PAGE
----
When I went ‘out to lunch’ for my MRI, I didn’t know I’d soon worry there was a ‘screw loose’. I’ve had dozens of MRI’s in my lifetime and wasn’t apprehensive about my arrival. So much so, that I made myself a hot chocolate while waiting for my name to be called. When I was told I was next, shy little me didn’t even hesitate to take off all my clothes or leave my jewelry behind in the ladie’s locker room.
I quickly approached the examination room. recalling the ongoing humm and the chirp of the bird. I knew I wouldn’t be in an open concept machine but it wouldn’t matter if I was able to fall asleep. I’d done it before, so I figured I’d do it again. It was Friday afternoon and I was exhausted.
Two of the ladies in the facility recognized me from 6 months ago and quickly had me ready for insertion. When my helmet went on, I realized I’d been so routine about getting settled, I hadn’t taken a minute to get into the right frame-of-mind. I need to be calm. I need to not think about where I am. I need to forget about time.
That’s when they told me the scans would take ‘about an hour’. As the table conveyor belt moved me inside, I realized that was three times longer than my normal hot dog impression.
I hadn’t yet thought about all the things i usually do to pass the time and not go ‘wacky’. “Stop!” “Take me back out!” I never did that before but out I came. They seemed to understand but also wanted to put me back inside. I took a deep breathe, looked around the room that was going to be holding me hostage and asked them to reposition my rear view mirror , so that I could see the opening on the other end. It helps to know I can try to wiggle out two different ways, should the occasion arise. The moving sidewalk started me back into my capsule as I wondered if I was being a weiner. That’s when the irrational fears started. I thought it would be pretty messy if my skin exploded. That would be a juicy mess.
OK. That’s crazy. And gross. But i t’s also food. Yes, go with that. Food makes you happy. I can think about food for hours.
I was now in and on a ‘role’ but I didn’t know where the technicians went? I just knew that I immediately wondered why, for the first time, I had a beverage – a chocolate beverage – before climbing into a non-escape hatch where I couldn’t move my head? The first scan started. Ping-ping-ping. Knock-Knock-Knock. Bang-bang- bang. Each in a series of ten. Burp. Burp. Burp. Swallow. Swallow. Can I swallow in here? I hope so because if I don’t, I’m going to puke, puke, puke.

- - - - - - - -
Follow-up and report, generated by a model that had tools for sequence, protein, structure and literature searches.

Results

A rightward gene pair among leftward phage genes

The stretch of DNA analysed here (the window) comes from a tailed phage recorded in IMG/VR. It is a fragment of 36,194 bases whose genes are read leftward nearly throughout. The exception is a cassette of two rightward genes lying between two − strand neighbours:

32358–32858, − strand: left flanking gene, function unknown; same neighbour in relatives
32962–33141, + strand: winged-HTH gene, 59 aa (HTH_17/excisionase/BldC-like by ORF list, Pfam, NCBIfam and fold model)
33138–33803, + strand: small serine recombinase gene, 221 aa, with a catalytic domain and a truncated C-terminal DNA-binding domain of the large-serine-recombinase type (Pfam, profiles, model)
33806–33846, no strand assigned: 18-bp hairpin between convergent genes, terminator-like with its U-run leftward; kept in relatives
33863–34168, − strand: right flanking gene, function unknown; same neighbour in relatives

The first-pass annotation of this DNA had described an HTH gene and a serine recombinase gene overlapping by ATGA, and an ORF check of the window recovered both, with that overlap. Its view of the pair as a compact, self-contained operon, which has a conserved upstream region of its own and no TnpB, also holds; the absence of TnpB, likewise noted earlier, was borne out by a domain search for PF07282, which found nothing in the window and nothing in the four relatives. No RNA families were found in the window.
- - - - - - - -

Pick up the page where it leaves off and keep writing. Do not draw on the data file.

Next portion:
A little anxiety was setting in. I was on my back and locked into position. If I puked, I’d choke. Could they get to me in time if I started choking on my cocoa? Little anxiety was turning into big anxiety.
This facility didn’t have headphones but the songs and tempos had helped the time pass one other time. I tried to calm myself down by singing a song in my mind. It’s hard to think though when a woodpecker sounds like it’s making a hole in your right ear. It doesn’t help when the sound is followed by a hammer pounding away at a concrete wall in your left ear. I couldn’t recall a note or a lyric. My favorite songs that I’d heard on my way here, were not even in the front of my mind. I could barely manage a “Row, Row, Row Your Boat” verse. I don’t even like boats. That’s when the table started to move back and forth for scan two. I probably hadn’t been in for more than five minutes and already I was seasick.
I reached for the life jacket and started my prayers. I could never forget my prayers, could I? This would be the start of what I was sure to be a few rosaries. It calmed me down. It helped me to think of my blessings and my children. I decided to use some of the time to make college ‘to do’ lists in my head. That’s pretty efficient until you realize how long and costly the to do list is. So I stopped my thoughts and started to get anxious again. Nobody had come over the piped speaker in awhile to tell me we’d finished another scan. Maybe they’d left. Maybe they’d been abducted. Or overrun by an extremist group. Maybe part of their psychological warfare was to keep me in this tube indefinately?!
Just when I was ready to squeeze the emergency pump in my hand, I heard her calm voice. “This next series will be three minutes.” That was suddenly fine. She was still there. They hadn’t left. I was being monitored. For that moment, it was a familiar sound. But moments are fleeting. It was quickly followed by the sound of a man’s electric razor in my face. It was loud and obnoxious. That at least made me think of my husband though. Unfortunately, like him being a pest, it didn’t stop there. The razor was trying to be drowned out by a fire alarm. It was even closer to me than the razor. The analogies weren’t helping my brain to calm either. That’s when I realized those two sounds were only the first two layers. The scan was only fully started when the buzz saw joined in on the orchestra of insanity. I wasn’t even near the halfway mark yet. I didn’t know how much longer I could go on with this. It was nuts. I had to pee. I had to pee chocolate.
<It’s late – Part II tomorrow…>